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Dual Enrollment Student Looking for Graduate School Advice

ranttilaranttila 8 replies5 threads New Member
I am currently a dual enrollment high school junior and college freshman at a small public university with a graduation rate of 48% and an average ACT of 22 (not very good). I am attending this college because it is in my hometown and in order to get my undergraduate degree done cheaper and faster. My end goal is to get a PhD in sociology from a Top 10 institution in order to become a professor. Once I graduate high school, I will have around 90 college credits and an A.A. Degree, but I am unsure where to go next. I do have lots of options, though, because I have gotten a perfect score on the SAT test and have good extracurriculars. Here are the 2 options I have:

1: I would stay at my local college (even though I have the “stats” to go to a higher academic ranking one) in order to get my bachelors in sociology after 1 more year (at age 19). I currently have a 4.0 GPA in college and hope to maintain a high GPA throughout. I also am getting research experience at the moment and plan to get more throughout my dual-enrollment years in order to boost my graduate schools application. After my bachelors in sociology, I would attend a (presumably) mid-high ranking masters program. After that is done, then I would apply for a PhD in sociology at a Top 10 Institution. My worry with this plan is that my low ranked bachelors institution would limit my options and chances at attending a Top 10 PhD institution.

2: After I am done with my dual-enrollment years, I would go to a high ranking institution such as Duke, The University of Michigan, The University of Wisconsin, or Vanderbilt. I don’t think my credits would transfer well so I would probably start with around 35. This would mean that it would take 3 more years to get my undergraduate education done (2 more than option 1). Throughout I would try to get research experience as well as maintain a high GPA. After I got my bachelors from a high ranking institution, I would then apply for Top 10 master’s and Top 10 PhD programs, with the hope that I would get into a PhD program.

What option do you think I should take, keeping in mind that my biggest goal is to get into a Top 10 PhD program for sociology? How much would getting my bachelor’s degree at a weak institution such as my own hurt me in advancing up the academic latter? I know that becoming a professor is very difficult, so I want to have the best chances by attending a Top 10 PhD granting institution. Option 1 would accelerate my career if Option 2 leads me to a master’s degree, but I just don’t know which one would be better. Could I get some help?
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Replies to: Dual Enrollment Student Looking for Graduate School Advice

  • bluebayoubluebayou 27014 replies175 threads Senior Member
    Beyond grades, research, research, research.

    Transfer to a top 4-year school with great financial aid (if needed), as those schools will give you the best chance of research and great recs. In the meantime, try to take only 'transferable' classes in your dual enrollment program, i.e., transferable at least to your state public flagship. That way, another school is more likely to accept the transfer credits as well.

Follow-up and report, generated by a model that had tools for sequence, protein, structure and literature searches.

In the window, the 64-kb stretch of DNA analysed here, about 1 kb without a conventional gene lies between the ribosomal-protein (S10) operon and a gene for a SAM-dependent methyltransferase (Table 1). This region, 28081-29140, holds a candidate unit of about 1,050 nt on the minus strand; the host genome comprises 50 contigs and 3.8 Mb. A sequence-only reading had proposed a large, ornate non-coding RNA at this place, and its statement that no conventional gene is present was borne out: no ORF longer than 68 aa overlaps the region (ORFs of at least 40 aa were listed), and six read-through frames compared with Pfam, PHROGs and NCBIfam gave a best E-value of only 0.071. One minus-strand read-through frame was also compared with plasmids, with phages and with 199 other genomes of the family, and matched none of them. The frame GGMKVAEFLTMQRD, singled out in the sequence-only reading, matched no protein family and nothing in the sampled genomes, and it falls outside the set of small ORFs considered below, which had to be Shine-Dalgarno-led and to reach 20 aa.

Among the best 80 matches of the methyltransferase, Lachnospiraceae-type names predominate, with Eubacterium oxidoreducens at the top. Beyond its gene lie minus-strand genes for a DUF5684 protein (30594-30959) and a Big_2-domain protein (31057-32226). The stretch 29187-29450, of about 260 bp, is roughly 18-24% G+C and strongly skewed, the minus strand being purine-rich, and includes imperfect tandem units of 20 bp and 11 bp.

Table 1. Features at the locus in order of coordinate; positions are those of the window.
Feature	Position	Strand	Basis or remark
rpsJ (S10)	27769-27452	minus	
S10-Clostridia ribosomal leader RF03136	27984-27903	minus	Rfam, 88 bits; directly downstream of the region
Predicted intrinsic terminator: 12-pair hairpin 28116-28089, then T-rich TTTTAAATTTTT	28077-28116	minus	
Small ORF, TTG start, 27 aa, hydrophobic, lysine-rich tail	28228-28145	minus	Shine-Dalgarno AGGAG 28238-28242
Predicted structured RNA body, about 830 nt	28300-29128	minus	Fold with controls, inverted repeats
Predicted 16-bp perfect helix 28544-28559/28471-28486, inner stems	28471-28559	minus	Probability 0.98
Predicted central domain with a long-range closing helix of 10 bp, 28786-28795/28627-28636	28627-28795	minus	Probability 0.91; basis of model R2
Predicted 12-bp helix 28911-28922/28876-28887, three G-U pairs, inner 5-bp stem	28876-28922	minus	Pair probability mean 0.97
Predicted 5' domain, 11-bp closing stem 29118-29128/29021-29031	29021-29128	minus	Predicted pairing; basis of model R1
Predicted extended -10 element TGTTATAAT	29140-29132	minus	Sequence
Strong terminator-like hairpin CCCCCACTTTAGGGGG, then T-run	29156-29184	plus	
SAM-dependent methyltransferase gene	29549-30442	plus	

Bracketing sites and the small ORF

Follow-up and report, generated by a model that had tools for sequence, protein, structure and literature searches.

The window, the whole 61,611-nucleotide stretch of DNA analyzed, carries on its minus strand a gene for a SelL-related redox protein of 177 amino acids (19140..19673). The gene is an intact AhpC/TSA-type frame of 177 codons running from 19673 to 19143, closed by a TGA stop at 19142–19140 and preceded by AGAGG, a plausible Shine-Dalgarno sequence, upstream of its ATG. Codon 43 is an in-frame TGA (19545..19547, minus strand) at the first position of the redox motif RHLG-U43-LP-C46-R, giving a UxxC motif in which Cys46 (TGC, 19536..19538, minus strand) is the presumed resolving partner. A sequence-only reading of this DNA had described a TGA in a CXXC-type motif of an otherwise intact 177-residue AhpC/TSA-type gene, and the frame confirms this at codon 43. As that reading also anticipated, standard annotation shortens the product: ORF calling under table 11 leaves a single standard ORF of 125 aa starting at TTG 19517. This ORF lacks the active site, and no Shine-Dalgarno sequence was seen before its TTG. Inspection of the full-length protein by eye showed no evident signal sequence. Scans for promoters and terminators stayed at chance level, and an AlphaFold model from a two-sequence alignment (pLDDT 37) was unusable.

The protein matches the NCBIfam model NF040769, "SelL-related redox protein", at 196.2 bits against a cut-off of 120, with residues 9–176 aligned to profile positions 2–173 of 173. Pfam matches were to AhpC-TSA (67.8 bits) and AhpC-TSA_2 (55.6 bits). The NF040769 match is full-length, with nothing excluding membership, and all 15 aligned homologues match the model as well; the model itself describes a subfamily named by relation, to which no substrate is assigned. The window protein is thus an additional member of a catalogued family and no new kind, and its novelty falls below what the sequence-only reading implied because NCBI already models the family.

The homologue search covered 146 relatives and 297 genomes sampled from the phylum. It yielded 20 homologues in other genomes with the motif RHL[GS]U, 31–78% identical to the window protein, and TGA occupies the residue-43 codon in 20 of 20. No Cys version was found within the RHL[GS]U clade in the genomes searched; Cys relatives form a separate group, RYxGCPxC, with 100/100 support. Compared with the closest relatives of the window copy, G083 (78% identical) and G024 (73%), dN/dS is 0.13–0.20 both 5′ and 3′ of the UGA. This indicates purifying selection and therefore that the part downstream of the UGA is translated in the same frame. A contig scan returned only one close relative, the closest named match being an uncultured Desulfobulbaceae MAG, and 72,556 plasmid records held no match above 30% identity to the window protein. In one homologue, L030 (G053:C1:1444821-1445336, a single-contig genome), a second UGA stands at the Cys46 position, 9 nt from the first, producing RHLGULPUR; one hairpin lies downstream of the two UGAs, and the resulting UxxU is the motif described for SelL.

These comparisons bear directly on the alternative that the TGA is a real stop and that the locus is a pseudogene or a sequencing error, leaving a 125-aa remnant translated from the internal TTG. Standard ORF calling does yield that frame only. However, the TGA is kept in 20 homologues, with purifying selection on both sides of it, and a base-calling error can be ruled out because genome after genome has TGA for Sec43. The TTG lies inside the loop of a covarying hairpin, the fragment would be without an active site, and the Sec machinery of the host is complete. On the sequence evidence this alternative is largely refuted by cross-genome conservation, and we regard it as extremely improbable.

With good research, good recs, good grades and a lotta luck, you can skip the MA and go straight to a PhD.
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  • ranttilaranttila 8 replies5 threads New Member

    By “transferable classes,” what do you mean? Are you talking about 1000-2000 level classes? Do 3000+ level classes not transfer?
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  • coolguy40coolguy40 2529 replies3 threads Senior Member
    There's so many presumptions in your post, I don't even know where to begin. First off, before you even think about applying to college, you need to talk to your parents and see what you can actually afford. If you can't afford the school, you're not going there no matter how prestigious it is.

    Second...sloooooooooww down! Graduate school isn't even on the radar right now, and you don't even start thinking about that until your senior year in college. Never go to a university based on rankings or a dream out of high school. That's the fastest way to end-up in a mismatch and 4 years of complete misery. The average college student changes their major at least twice. As you mature, you find hidden passions in other areas and you will likely be a different person when you graduate.

    Third, rankings are nothing more than a popularity contest and they have nothing whatever to do with educational quality. In essence, they're anything but reliable. Take some time to find 1 or 2 reach schools, and put your main focus on target and safety schools you're serious about. We can help you on this forum to refine your list too. Affordability is a precondition before you even start filling out he application.
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